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Setting a precedent, progress reports for both state and federal criteria will be released at the same time


Comments from Annie: The director of the Utah Education Policy Center at the University of Utah asks: "If they vilify No Child Left Behind data and make U-PASS heroic because it paints a better picture, the question becomes: How does that help improve the education of the children in the schools that didn't make AYP?"

My question is this: What do you think the students will learn from state adherence to fallacious policy (NCLB) that destroys, not protects the best intentions of the public schools?





School evaluations come out today

Education: Setting a precedent, progress reports for both state and federal criteria will be released at the same time

By Julia Lyon
The Salt Lake Tribune
Salt Lake Tribune

For the first time ever, the state today will simultaneously release federal Adequate Yearly Progress reports for individual schools and the results of Utah's own evaluation system, letting parents and teachers know whether schools are making the grade.

While the move may be rooted in efficiency, a state official says it also reflects the Utah State Office of Education's belief in the superiority of the homegrown Utah Performance Assessment System for Students (U-PASS) compared with AYP, which measures progress toward meeting federal No Child Left Behind education reform goals.

"We want to get the public focused on U-PASS, paying attention to U-PASS because we think that is the better accountability system," said Judy Park, state testing director.

Utah has not been shy about its disgust over NCLB. Lawmakers have gone so far as to support a resolution criticizing the federal education act. Earlier this year, the U.S. Department of Education declared the Utah system did not follow several NCLB principles, including failing to require 100 percent of students be on grade level by 2013-2014, as NCLB stipulates. The state was skipped over for a federal pilot program that could eventually lead to a growth-based model, such as U-PASS, becoming a means of determining school progress accepted by the feds.

At the heart of the two systems are testing, attendance and graduation rates. But the way the data is interpreted and how students are counted can lead to such varying results that a school can meet the standards in one system and fail in another. Some school district testing directors see the strengths of the U-PASS system over the other, particularly in how it tracks student progress.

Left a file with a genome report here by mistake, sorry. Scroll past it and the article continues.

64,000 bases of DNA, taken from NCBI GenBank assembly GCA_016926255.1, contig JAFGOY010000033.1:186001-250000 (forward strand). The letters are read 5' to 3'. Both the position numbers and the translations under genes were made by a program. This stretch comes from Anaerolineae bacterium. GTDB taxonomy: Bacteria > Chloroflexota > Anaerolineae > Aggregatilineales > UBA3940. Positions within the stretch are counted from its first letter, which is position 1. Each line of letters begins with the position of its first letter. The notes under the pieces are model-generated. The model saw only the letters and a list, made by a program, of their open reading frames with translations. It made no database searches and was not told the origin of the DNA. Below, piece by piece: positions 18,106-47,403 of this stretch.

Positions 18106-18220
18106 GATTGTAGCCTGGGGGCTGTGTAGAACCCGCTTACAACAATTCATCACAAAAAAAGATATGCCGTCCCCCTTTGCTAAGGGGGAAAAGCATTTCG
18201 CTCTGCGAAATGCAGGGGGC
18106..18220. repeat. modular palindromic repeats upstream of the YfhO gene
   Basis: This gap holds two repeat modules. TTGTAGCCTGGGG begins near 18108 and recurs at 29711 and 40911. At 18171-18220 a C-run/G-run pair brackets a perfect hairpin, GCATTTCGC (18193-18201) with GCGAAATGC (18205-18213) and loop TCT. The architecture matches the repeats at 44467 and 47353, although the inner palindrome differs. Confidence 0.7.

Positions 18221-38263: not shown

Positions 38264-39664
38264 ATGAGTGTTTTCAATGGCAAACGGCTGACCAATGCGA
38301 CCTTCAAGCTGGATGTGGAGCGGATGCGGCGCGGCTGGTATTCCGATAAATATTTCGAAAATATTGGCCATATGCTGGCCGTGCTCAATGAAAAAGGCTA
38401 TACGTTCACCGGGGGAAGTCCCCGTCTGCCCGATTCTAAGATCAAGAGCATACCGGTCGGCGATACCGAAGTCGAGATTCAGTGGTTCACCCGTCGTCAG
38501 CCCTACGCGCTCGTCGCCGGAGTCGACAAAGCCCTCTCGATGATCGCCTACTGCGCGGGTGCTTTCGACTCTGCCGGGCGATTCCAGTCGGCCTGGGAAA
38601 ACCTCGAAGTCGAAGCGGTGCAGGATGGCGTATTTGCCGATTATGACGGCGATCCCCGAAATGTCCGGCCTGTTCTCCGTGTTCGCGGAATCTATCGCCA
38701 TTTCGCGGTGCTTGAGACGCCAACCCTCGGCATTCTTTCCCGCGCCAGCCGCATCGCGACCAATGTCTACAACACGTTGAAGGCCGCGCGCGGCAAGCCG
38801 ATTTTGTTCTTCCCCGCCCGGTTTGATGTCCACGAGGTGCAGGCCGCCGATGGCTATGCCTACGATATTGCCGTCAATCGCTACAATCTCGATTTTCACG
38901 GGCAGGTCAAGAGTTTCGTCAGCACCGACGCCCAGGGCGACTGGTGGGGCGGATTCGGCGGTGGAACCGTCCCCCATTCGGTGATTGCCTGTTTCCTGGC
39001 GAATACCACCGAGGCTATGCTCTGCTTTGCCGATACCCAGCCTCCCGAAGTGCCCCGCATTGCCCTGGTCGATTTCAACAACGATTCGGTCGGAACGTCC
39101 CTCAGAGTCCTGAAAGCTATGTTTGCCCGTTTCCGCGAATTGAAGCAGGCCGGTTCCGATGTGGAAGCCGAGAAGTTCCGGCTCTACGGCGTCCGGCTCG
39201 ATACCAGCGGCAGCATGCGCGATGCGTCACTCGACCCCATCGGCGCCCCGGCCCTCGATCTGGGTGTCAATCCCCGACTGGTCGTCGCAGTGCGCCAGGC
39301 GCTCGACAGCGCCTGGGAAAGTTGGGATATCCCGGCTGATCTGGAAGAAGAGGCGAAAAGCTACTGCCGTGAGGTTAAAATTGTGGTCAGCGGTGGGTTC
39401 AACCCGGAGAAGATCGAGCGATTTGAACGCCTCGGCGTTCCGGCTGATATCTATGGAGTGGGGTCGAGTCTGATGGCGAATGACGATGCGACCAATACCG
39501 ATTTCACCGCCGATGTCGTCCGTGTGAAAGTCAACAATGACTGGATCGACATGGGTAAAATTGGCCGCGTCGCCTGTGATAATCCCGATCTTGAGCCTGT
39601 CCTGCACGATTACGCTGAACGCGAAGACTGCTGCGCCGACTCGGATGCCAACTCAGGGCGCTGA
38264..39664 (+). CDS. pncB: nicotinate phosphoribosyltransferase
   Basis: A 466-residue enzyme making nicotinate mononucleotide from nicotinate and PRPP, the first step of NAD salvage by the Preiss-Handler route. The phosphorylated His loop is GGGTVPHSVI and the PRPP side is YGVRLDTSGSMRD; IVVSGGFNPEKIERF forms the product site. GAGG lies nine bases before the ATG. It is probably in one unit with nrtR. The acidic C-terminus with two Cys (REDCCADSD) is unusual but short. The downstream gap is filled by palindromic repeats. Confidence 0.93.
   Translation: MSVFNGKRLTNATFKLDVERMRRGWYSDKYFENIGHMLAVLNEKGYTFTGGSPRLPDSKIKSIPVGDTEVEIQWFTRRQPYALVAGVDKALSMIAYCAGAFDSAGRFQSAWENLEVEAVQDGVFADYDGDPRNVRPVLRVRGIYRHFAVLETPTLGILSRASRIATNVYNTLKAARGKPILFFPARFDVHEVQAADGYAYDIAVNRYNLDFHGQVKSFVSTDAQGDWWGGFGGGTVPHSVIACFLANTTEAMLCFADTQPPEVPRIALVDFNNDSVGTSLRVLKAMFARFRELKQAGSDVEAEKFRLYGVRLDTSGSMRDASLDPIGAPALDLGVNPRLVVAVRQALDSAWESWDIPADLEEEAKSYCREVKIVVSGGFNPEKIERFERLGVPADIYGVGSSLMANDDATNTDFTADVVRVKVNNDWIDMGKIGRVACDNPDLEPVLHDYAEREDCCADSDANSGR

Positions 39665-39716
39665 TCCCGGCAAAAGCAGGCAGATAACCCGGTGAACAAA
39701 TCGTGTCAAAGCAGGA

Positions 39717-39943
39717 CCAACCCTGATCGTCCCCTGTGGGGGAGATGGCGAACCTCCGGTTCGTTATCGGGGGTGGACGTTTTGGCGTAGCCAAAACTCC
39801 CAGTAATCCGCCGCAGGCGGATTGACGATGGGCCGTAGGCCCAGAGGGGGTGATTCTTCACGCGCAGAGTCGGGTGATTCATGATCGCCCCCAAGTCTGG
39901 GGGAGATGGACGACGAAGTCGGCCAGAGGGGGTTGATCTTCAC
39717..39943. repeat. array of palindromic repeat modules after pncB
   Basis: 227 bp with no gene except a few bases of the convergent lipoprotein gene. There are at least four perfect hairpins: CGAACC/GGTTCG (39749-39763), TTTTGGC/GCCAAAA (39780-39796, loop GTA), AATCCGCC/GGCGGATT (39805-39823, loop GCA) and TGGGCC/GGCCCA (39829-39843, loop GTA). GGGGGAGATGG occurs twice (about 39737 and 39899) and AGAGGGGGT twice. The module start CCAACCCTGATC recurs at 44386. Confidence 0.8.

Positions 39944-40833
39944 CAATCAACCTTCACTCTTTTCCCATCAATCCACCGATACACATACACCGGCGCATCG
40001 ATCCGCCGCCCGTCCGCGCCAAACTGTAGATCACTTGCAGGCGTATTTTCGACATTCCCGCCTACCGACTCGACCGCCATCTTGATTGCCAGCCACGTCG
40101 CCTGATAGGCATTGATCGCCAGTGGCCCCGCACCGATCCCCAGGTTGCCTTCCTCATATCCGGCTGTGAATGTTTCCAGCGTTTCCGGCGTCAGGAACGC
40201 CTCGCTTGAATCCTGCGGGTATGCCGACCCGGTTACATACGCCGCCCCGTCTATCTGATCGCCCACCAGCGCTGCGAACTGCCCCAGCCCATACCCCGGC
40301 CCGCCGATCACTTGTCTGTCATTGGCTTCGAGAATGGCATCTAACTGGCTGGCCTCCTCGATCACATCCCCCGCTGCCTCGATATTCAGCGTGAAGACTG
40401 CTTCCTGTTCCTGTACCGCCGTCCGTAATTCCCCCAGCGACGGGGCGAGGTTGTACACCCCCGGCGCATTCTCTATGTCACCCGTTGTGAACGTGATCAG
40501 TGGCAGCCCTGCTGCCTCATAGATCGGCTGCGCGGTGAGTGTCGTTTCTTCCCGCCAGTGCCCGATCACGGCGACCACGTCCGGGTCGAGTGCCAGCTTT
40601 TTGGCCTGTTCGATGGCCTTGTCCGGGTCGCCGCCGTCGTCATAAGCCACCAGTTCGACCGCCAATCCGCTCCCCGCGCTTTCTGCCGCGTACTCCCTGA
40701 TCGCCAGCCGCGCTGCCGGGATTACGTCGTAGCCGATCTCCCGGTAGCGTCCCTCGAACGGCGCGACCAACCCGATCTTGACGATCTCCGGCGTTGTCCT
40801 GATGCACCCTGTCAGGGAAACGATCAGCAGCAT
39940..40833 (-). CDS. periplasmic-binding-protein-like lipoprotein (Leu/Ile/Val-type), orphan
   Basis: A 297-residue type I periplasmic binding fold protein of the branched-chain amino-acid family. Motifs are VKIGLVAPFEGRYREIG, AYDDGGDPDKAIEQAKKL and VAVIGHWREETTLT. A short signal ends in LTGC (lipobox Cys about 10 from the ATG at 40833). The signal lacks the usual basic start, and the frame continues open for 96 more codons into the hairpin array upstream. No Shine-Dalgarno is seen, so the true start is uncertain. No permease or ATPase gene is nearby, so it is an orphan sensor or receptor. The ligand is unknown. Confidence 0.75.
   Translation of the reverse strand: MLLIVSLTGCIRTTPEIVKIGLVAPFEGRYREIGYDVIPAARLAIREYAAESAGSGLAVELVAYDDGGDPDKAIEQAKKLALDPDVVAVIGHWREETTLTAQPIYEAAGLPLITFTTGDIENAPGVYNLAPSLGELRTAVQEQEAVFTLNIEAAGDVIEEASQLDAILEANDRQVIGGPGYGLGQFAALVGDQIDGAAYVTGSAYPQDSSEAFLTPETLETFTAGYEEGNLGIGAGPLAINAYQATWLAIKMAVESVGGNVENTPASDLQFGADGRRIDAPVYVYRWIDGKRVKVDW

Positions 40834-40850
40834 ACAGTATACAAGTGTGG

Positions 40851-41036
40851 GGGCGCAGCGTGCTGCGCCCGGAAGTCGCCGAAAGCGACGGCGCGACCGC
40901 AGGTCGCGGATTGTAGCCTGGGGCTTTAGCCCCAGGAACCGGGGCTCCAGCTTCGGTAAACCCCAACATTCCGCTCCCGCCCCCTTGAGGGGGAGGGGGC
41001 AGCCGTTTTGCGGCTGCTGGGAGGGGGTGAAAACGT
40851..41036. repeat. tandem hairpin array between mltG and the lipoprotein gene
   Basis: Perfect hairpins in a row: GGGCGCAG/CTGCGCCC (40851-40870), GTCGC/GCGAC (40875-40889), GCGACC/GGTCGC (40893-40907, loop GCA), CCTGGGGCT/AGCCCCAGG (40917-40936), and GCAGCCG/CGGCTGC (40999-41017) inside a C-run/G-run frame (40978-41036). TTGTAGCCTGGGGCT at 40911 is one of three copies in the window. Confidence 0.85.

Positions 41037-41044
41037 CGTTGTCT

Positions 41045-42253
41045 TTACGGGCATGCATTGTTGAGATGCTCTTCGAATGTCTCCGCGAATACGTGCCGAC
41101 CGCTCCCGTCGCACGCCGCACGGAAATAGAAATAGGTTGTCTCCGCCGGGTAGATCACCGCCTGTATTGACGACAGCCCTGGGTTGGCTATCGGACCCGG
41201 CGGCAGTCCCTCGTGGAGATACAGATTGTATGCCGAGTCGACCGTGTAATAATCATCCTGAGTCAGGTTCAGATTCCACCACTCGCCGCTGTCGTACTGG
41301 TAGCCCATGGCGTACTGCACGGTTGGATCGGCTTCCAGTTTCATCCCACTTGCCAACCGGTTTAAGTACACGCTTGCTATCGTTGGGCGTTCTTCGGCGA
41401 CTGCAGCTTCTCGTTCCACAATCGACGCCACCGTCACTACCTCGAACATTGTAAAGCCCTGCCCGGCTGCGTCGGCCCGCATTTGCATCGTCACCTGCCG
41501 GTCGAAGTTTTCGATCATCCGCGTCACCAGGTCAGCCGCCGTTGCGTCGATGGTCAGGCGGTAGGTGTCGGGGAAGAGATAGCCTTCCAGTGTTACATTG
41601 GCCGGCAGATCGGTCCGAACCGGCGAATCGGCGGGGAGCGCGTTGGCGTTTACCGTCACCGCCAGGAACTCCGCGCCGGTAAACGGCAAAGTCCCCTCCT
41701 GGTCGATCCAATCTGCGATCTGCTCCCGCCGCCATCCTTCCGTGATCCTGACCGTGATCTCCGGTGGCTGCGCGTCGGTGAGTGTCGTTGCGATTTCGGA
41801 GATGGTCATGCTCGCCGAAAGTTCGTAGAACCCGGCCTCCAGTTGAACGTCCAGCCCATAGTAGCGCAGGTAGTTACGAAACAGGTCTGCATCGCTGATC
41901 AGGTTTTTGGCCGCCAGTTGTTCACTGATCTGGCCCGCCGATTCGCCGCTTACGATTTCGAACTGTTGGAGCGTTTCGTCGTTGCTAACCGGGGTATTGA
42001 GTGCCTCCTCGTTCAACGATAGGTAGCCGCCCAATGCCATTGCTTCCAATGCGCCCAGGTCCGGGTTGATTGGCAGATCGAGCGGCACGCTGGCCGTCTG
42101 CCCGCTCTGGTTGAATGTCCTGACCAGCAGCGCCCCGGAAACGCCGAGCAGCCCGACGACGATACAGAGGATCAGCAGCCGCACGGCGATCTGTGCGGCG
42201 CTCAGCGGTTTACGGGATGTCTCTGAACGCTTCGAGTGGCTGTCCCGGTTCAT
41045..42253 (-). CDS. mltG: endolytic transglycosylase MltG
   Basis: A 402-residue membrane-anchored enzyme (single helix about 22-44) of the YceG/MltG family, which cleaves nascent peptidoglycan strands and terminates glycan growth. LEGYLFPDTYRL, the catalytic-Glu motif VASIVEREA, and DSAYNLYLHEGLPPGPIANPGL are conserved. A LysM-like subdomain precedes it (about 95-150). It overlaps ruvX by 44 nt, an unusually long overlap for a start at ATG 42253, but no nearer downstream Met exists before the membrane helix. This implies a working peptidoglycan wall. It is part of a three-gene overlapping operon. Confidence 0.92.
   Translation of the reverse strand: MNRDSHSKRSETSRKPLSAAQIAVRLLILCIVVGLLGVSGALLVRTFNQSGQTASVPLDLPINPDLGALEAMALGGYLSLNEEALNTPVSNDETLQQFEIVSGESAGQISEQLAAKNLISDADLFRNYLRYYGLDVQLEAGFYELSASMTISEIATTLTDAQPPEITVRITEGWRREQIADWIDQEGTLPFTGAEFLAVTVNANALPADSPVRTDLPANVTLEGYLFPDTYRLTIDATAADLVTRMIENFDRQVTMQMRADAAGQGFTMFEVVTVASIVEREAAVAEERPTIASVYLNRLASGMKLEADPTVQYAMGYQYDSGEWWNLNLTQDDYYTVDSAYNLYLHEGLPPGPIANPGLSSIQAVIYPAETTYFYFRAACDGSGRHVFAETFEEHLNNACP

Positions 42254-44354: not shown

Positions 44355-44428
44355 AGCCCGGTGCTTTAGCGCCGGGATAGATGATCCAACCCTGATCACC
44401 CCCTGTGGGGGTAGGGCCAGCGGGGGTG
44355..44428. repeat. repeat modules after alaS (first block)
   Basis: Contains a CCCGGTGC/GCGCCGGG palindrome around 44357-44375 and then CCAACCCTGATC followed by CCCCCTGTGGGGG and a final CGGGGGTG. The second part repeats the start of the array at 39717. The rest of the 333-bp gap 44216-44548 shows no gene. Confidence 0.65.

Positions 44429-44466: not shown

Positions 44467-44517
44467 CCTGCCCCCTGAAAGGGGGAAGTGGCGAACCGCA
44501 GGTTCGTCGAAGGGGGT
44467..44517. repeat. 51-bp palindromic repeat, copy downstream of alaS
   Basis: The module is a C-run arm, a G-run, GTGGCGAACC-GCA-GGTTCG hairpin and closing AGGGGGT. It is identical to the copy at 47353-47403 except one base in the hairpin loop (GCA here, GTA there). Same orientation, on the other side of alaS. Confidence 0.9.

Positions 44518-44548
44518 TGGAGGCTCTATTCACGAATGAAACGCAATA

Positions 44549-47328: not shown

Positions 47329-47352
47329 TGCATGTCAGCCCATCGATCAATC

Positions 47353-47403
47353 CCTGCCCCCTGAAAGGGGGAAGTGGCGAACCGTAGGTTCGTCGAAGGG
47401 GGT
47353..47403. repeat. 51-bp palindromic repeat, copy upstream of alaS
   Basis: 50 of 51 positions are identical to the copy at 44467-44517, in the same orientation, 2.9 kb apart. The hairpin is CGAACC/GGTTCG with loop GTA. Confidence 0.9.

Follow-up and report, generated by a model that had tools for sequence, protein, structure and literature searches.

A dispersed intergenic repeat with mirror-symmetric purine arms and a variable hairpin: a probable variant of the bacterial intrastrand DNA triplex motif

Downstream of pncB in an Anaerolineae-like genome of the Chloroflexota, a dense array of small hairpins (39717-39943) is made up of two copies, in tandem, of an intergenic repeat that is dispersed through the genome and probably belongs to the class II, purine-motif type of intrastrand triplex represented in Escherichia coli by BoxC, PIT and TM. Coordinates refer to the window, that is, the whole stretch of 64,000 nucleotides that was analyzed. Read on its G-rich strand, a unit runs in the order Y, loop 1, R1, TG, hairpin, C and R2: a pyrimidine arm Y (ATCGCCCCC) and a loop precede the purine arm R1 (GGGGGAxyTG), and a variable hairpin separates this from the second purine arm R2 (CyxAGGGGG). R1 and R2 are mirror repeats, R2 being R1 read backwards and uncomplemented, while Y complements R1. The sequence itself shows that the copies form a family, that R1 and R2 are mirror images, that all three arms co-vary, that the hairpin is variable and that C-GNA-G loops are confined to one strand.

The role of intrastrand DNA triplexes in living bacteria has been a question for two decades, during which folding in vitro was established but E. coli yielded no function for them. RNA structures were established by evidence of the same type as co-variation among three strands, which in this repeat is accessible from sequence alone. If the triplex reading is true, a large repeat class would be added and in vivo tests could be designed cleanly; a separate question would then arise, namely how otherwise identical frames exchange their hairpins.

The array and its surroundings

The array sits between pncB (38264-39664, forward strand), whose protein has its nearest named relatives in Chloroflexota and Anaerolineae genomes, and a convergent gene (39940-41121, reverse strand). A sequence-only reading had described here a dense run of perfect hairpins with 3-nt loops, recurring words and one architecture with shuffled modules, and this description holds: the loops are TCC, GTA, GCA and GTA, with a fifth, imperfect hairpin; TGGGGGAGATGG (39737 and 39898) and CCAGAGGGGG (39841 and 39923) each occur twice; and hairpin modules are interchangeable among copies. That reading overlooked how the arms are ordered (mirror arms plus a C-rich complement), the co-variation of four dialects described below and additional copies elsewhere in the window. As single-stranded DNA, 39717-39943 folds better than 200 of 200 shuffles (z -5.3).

"U-PASS is a far superior measure of a school's performance than AYP," said John Jesse, Alpine School District director of research and evaluation. "And it's a much better tool to utilize for school improvement."

Officials agree that the somewhat conflicting systems can be confusing for parents, but Park describes the Utah system as having "more realistic expectations."

"It's not that we're not holding kids to a high standard," Park said. "It's that we recognize that it takes more time."

Though it's not unheard of for a state to release AYP and local accountability system results at the same time, many states announced results weeks ago, meaning parents at Utah schools facing sanctions through NCLB will learn the news weeks after the school year has already begun.

Releasing all the information at once is not necessarily problematic - depending on how it's used, according to Andrea Rorrer, director of the Utah Education Policy Center at the University of Utah.

"If they vilify No Child Left Behind data and make U-PASS heroic because it paints a better picture, the question becomes: How does that help improve the education of the children in the schools that didn't make AYP?" she said. "When presented with information you get good news and bad news - what's the human inclination? - it's to then be dismissive of the bad news."

jlyon@sltrib.com

What is AYP?

Adequate Yearly Progress (AYP) reports measure whether a school has met a series of criteria including attendance, testing and graduation rates required under the federal No Child Left Behind education reform act.

All categories of students must meet the requirements for a school to "meet" AYP. Only Title I schools - those receiving federal dollars because of their significant low-income student populations - can face consequences for not meeting AYP.

Depending on the number of years a school has failed to meet the criteria, parents may be given the option of moving their children to another school or receiving tutoring. In extreme instances, the school's staff and curriculum may be replaced.

To meet AYP in Utah, a school must have:
* an attendance rate of 93 percent or better
* a high school graduation rate of at least 85.7 percent
* at least 95 percent of students must be tested (in all groups greater than 40 students)

at the high school level:
* 70 percent of students must pass the Language Arts state test
* 47 percent of students must pass the math state test

at the elementary and middle school level:
* 71 percent of students must pass the Language Arts state test
* 64 percent of students must pass the math state test
* an attendance rate of 93 percent or better

— Julia Lyon
The Salt Lake Tribune
http://www.sltrib.com/ci_4408814


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